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Space station cooling system shuts down, some systems offline

The International Space Station, seen here in May 2010, suffered a coolant system shutdown Wednesday, Dec. 11, 2013. (NASA)
Dec. 11, 2013 — The International Space Station suffered a problem with half of its vital cooling system Wednesday (Dec. 11), resulting in a partial power down of some non-critical systems, NASA officials say.

According to a NASA statement, "at no time was the crew or the station itself in any danger." The six astronauts and cosmonauts aboard the orbiting laboratory went to sleep as regularly scheduled with no concern for their safety, the statement said.

On Wednesday, one of the two pumps used to circulate ammonia coolant on the outside of the space station shut down after lower than normal temperatures were detected. The shutdown cut off half of the space complex's ability to regulate the temperatures for both its internal and external systems. [ How the Space Station's Cooling System Works (Infographic)]

By midday, flight controllers suspected that a flow control valve inside the pump might not be functioning correctly. NASA capcom (capsule communicator) Lucia McCullough described the "big picture" to the station's crew members during their normal daily planning conference call.

"The ETCS [External Thermal Control System] Loop A is still running but the flow control valve doesn't appear to be positioning properly, so the Loop A is very cold," radioed McCullough around noon EST on Wednesday. "We are not expecting [the loop] to get warm enough for us to be able to reintegrate [Loop A] for heat rejection."

Infographic illustrating how the International Space Station (ISS) cooling (thermal control) system works. ( Tate)
McCullough told the crew that as a result of the shutdown, science experiments and other hardware inside the U.S. Harmony Node 2 module, European Columbus laboratory and Japanese Kibo laboratory would be powered down as they slept.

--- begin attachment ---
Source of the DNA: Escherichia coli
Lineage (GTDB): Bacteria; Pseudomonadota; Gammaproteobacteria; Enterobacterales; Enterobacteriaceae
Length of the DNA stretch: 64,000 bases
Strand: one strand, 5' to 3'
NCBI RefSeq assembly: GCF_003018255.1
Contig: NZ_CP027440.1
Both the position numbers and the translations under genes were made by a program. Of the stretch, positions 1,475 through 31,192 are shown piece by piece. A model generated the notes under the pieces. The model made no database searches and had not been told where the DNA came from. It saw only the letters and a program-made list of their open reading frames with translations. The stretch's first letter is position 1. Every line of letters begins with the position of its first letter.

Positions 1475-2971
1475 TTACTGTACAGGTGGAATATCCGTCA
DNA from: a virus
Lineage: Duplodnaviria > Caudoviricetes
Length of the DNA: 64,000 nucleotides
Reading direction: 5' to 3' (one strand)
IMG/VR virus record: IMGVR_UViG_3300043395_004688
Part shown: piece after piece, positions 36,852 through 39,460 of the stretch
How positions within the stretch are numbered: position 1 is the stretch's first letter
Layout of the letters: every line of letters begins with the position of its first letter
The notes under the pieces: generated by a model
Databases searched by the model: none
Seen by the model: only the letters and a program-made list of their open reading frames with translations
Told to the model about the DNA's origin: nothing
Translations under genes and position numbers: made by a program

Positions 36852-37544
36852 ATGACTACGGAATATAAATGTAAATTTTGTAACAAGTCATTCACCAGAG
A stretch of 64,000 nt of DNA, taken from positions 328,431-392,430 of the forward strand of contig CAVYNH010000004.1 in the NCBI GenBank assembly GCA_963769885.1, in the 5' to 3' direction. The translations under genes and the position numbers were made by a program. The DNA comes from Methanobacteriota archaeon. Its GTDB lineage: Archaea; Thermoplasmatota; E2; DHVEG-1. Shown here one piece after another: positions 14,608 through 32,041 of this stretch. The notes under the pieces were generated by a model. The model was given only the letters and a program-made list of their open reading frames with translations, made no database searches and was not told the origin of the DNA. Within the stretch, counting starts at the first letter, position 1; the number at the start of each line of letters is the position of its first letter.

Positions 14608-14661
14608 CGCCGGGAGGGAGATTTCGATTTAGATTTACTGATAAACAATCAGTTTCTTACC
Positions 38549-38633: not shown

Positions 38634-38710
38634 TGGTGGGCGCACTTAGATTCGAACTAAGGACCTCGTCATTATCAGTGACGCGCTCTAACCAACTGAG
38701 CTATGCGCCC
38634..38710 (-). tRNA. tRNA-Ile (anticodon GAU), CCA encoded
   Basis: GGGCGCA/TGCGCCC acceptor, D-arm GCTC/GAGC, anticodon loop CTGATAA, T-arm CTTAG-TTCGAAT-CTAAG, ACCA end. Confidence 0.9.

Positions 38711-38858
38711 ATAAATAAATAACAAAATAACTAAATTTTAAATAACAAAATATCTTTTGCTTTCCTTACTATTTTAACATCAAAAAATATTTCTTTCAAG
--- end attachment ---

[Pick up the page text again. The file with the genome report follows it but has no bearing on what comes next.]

"You'll keep half of [the power to] each module and that is why the crew quarters are not affected," McCullough said from NASA's Mission Control Center in Houston.

Meanwhile, the space station's more critical systems are being cooled by Loop B, which is still functioning normally.

"All the thermal loops have been shifted to Loop B, which is struggling to keep up, so we are going to be looking at some additional power downs in other modules to make sure that the highest priority loads get adequate cooling," McCullough told the crew.

Ground controllers are continuing to troubleshoot the issue overnight, according to a statement on NASA's website. If the valve issue turns out to be a hardware problem, it may require astronauts go outside the station at some point to replace the pump module with a spare unit.

The affected 780-pound (355 kilogram) pump module was last replaced by station astronauts in August 2010 during three contingency spacewalks, the result of a similar Loop A coolant system shutdown. In that situation however, the pump module itself had failed rather than the control of a valve, as currently suspected.

The coolant issue notwithstanding, as of Wednesday night NASA and its commercial partner Orbital Sciences Corp. were still preparing to launch Orbital's Cygnus unmanned resupply spacecraft to the space station next Wednesday (Aug. 18) from the space agency's Wallops Flight Facility in Virginia. The Orb-1 mission is the first of eight resupply flights NASA has contracted Orbital Sciences to fly to the space station.

The International Space Station, which last month marked 15 years in orbit, is currently staffed by its 38th expedition crew, including NASA astronauts Mike Hopkins and Rick Mastracchio, Koichi Wakata with JAXA, and cosmonauts Oleg Kotov, Sergey Ryazansky and Mikhail Tyurin.

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